HDAC6 modulates pro-inflammatory gene transcription

Cytokines, chemokines and adhesion molecules are important pro-inflammatory mediators, and HDAC6 overexpression increases the production of pro-inflammatory factors in macrophages. Conversely, HDAC6 inhibition suppresses their expression and circulation, such as tumor necrosis factor (TNF)-α and IL-6 in peritoneal fluids, decreases myeloperoxidase (MPO) production, and increases IL-10 production (45,50,53). HDAC6 inhibition has also been reported to decrease the expression of adhesion molecules and chemokines, including C-C motif ligand 2 (CCL-2), C-X-C motif (CXC)L-8 and CXCL-10. Additionally, HDAC6 represses extracellular signal-regulated kinase (ERK), c-Jun N-terminal kinase (JNK), p38 and nuclear factor (NF)-κB. HDAC6 also represses activator protein (AP)-1 activation in astrocytes responding to the human immunodeficiency virus (HIV)-1 transactivator of transcription (Tat) protein, by modulating ROS homeostasis, mitogen-activated protein kinase (MAPK), NF-κB and AP-1 signaling (54,55). In summary, HDAC6 mediates HIV-1 Tat-induced pro-inflammatory response by regulating the MAPK, NF-κB and AP-1 signaling pathways in astrocytes. Studies showed that hindsiipropane B inhibits the expression of HDAC6 induced by HIV-1 Tat, and subsequently inhibiting the expression of CCL2, CXCL8 and CXCL10 mediated by the former. Another study confirmed that hindsiipropane B inhibits the expression of CCL2, CXCL8 and CXCL10 by inhibiting the HDAC6-NADPH oxidase-ROS-MAPK-NF-κB-AP-1 axis in astrocytes (56). Zhang et al (50,57) similarly found that selective HDAC6 inhibition decreases TNF-α, IL-1β and IL-6 expression in both LPS-activated RAW264.7 cells and a murine model of acute liver failure by modulating oxidative stress and toll-like receptor 4(TLR4)-MAPK-NF-κB signaling. Liu et al (58) and Wang et al (59) have since confirmed that HDAC6 inhibition protects against LPS-induced inflammation by suppressing NF-κB signaling. It also decreases IL-1β expression, as well as caspase-1 cleavage and activation.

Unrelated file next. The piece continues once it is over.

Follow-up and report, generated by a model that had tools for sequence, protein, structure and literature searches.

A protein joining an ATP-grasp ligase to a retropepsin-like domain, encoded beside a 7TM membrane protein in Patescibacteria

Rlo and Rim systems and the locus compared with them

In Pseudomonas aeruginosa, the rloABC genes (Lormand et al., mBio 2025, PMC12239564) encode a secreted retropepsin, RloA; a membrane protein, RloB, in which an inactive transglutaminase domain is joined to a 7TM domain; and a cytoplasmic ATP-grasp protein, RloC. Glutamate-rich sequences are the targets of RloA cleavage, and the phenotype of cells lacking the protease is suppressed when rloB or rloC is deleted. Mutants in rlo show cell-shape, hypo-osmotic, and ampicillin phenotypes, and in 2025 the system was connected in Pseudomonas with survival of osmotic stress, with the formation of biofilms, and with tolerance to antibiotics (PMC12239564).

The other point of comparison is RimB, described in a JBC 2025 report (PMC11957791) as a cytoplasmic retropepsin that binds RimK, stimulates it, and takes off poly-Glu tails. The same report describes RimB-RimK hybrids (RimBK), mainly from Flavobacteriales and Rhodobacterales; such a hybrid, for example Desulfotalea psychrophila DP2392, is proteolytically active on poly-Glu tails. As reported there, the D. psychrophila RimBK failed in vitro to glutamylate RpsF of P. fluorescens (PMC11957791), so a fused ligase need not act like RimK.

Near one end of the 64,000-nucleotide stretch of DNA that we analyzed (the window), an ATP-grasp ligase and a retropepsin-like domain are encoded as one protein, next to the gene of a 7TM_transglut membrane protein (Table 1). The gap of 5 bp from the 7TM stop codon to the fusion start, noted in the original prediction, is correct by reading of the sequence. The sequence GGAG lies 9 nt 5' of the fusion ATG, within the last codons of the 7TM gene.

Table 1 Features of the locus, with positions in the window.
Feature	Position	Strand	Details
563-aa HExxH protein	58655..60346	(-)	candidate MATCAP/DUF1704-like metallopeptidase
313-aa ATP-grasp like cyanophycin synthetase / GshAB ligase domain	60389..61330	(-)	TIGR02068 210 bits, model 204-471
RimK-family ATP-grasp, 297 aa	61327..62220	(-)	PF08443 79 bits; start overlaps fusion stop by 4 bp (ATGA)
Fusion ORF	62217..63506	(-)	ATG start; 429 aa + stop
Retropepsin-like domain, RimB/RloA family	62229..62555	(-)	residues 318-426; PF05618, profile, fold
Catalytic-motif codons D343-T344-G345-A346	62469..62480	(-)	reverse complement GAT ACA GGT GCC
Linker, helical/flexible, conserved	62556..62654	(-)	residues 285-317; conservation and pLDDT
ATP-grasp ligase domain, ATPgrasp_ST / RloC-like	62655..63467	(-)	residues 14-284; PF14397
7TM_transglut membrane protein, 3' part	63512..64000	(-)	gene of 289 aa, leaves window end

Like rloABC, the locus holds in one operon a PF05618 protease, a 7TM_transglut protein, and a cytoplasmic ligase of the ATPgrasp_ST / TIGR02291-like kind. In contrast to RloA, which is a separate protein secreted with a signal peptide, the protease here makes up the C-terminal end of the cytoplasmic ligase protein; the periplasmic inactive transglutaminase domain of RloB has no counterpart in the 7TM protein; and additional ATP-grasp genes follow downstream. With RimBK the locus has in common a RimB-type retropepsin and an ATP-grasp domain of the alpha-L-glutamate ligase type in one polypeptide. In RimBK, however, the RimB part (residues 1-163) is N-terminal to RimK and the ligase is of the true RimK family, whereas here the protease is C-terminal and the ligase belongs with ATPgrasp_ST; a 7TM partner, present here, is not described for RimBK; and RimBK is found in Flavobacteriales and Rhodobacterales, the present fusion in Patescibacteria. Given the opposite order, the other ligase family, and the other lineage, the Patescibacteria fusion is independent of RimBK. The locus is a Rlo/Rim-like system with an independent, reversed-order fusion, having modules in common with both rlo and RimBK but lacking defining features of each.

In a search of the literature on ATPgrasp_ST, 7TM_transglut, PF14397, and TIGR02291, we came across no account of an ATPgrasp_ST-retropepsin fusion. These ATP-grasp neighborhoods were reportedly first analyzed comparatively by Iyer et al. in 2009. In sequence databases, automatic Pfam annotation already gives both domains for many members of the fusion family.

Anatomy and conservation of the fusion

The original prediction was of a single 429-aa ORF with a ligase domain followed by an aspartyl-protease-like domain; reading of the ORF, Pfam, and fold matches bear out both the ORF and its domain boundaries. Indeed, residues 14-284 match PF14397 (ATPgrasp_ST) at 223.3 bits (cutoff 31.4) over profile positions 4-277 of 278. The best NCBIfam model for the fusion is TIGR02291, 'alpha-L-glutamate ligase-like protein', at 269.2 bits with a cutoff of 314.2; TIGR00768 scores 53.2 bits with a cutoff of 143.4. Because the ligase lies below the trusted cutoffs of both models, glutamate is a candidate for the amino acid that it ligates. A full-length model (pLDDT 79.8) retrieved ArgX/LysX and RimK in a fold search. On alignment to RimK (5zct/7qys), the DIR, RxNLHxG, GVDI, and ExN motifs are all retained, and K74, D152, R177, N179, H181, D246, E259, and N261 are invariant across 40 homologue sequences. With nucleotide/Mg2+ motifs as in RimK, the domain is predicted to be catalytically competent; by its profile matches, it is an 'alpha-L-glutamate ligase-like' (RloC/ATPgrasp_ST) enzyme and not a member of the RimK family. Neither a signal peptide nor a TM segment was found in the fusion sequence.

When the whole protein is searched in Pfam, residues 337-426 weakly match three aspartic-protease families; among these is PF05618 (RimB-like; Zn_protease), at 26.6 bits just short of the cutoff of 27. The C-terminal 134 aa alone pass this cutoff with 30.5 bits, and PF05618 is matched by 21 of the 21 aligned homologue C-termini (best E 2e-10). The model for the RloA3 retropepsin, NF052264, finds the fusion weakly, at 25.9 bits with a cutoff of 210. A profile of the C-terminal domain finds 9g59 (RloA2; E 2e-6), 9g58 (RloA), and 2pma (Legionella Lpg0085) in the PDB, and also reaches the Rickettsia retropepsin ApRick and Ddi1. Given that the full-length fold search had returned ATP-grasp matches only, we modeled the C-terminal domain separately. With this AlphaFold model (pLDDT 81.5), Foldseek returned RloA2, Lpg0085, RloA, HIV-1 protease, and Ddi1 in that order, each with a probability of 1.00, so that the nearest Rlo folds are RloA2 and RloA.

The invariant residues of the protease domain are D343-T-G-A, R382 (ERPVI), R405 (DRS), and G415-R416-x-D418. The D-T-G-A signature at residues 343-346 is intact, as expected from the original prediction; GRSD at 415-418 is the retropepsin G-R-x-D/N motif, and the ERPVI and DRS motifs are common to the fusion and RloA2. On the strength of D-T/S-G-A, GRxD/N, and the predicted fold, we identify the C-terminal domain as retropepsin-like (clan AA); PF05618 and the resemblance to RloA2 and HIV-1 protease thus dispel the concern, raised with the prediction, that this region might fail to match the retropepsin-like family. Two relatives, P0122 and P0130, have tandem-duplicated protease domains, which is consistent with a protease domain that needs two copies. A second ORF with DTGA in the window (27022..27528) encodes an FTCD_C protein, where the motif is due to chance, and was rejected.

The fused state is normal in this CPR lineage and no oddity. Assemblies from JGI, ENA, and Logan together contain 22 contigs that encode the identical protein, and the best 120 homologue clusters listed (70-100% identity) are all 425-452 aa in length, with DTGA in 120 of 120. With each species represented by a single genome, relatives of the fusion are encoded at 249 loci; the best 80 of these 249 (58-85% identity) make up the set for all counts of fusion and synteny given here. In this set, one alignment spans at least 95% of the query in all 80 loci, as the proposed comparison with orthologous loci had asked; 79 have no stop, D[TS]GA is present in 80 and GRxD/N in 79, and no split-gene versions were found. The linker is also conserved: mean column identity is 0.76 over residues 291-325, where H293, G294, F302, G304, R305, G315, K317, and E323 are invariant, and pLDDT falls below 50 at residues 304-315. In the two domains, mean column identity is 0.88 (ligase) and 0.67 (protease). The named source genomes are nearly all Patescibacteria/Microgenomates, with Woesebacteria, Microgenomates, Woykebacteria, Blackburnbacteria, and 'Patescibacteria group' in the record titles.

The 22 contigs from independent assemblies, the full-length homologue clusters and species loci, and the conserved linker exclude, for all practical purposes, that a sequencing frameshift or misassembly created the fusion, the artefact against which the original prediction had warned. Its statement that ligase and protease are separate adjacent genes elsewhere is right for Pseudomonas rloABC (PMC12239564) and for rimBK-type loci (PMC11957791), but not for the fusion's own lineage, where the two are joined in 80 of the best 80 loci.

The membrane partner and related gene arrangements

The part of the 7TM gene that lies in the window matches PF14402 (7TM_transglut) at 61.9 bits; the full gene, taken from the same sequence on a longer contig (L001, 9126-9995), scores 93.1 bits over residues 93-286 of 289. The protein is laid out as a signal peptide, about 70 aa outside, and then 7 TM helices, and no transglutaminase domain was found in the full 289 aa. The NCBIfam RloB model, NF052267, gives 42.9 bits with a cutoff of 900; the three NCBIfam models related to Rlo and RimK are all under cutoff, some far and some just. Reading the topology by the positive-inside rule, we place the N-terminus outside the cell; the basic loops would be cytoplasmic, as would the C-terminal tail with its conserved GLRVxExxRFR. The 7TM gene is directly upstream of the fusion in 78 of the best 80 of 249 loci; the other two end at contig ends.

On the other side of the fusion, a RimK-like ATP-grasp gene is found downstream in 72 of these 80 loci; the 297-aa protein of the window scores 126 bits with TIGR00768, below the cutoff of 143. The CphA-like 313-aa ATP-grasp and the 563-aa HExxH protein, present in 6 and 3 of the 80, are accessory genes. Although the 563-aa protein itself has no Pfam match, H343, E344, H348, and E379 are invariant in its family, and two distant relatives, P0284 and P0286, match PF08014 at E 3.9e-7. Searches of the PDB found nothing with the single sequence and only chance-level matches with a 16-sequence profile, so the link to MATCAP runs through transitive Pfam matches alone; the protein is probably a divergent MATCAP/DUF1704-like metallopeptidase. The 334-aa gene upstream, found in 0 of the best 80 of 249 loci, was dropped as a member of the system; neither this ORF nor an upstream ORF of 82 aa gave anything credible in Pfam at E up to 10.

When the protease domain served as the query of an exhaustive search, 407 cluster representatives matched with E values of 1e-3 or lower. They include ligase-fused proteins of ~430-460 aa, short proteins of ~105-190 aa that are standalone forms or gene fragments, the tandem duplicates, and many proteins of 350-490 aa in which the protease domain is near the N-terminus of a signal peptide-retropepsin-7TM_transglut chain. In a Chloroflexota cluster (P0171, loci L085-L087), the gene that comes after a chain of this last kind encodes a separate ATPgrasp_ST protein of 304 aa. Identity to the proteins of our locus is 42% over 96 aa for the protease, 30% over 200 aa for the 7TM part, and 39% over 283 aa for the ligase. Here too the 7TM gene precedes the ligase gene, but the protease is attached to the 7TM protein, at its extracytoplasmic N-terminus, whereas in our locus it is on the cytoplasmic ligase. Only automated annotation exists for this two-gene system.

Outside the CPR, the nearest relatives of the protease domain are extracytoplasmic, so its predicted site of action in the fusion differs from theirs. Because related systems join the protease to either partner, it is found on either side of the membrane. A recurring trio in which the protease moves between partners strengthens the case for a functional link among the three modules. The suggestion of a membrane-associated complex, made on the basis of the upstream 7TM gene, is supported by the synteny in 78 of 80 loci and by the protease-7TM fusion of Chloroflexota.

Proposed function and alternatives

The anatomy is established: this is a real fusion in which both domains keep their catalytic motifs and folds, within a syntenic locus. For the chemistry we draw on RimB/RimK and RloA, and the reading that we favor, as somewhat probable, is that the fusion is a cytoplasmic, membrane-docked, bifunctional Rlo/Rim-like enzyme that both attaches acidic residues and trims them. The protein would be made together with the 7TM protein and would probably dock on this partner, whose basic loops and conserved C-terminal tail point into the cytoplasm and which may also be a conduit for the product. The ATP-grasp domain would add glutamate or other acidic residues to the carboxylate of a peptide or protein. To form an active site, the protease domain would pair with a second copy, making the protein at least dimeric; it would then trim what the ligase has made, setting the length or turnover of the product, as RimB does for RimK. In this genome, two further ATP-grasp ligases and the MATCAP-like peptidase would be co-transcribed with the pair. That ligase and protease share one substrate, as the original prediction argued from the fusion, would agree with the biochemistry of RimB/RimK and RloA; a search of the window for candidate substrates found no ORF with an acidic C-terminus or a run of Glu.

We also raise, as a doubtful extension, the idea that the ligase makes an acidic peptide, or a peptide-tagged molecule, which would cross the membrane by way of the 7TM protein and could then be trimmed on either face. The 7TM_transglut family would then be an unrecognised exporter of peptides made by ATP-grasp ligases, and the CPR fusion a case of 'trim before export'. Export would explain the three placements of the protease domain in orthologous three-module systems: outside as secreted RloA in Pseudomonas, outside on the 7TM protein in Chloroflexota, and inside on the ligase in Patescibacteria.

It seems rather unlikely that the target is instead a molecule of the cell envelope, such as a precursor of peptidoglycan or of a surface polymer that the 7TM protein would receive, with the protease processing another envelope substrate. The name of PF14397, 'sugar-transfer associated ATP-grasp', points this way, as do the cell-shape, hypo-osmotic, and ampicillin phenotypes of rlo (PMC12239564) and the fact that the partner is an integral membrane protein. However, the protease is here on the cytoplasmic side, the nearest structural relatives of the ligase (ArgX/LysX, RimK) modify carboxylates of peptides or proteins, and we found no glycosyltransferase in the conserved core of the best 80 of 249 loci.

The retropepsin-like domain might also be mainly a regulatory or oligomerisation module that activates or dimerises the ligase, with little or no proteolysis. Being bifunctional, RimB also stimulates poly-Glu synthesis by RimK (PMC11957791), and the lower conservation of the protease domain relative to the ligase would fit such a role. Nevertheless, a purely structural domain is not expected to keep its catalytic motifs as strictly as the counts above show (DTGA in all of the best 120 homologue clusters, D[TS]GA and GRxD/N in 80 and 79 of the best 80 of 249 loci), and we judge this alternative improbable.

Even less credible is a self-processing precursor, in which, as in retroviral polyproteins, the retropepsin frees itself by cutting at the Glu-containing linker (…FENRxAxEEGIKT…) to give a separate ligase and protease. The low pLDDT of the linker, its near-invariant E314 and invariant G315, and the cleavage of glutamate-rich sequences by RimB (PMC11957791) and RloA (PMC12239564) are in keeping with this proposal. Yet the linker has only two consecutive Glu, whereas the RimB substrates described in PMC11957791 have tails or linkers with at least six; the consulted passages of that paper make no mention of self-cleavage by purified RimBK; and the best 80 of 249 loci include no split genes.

Interferon regulatory factor 3 (IRF-3) is a transcription factor that critically mediates interferon (IFN) secretion during inflammation (60). Interestingly, Nusinzon and Horvath (61) showed that HDAC6 modulates IRF-3 activity by deacetylating its coactivator, β-catenin. Moreover, Chattopadhyay et al (62) demonstrated that IRF-3, β-catenin and CBP form a stable complex in response to viral or bacterial infection-stimulated TLR-3 signaling to induce IFN production. Importantly, HDAC6 is required for the formation of this complex, since its inhibition modulates β-catenin acetylation, thereby suppressing the interaction of IRF-3 with CBP.

4. HDAC6 inhibition restores endothelial barrier hyper-permeability

The endothelial barrier is a semi-permeable membrane that maintains the intra- and extravascular balance of water and proteins (63). Its composition has previously been reported in detail; in brief, it comprises the cytoskeleton and adherents such as adherens junction (AJ) and tight junction (TJ) proteins, including claudins and occludins, as well as zonula occludens (ZO) (52) and local gap junction proteins (64). Endothelial barrier dysfunction plays an important role in the pathogenesis of sepsis-induced organ dysfunction; thus, endothelial barrier protection is a proposed therapeutic modality to treat sepsis. Nam et al (65) previously demonstrated that Clostridium difficile toxin A induces microtubule instability in a murine model of C. Difficile infection by activating HDAC6, which in turn modulates α-tubulin deacetylation, thereby inducing acute inflammation. Moreover, it is now well known that HDAC6 inhibition promotes endothelial barrier hyper-permeability (37-39,66,67).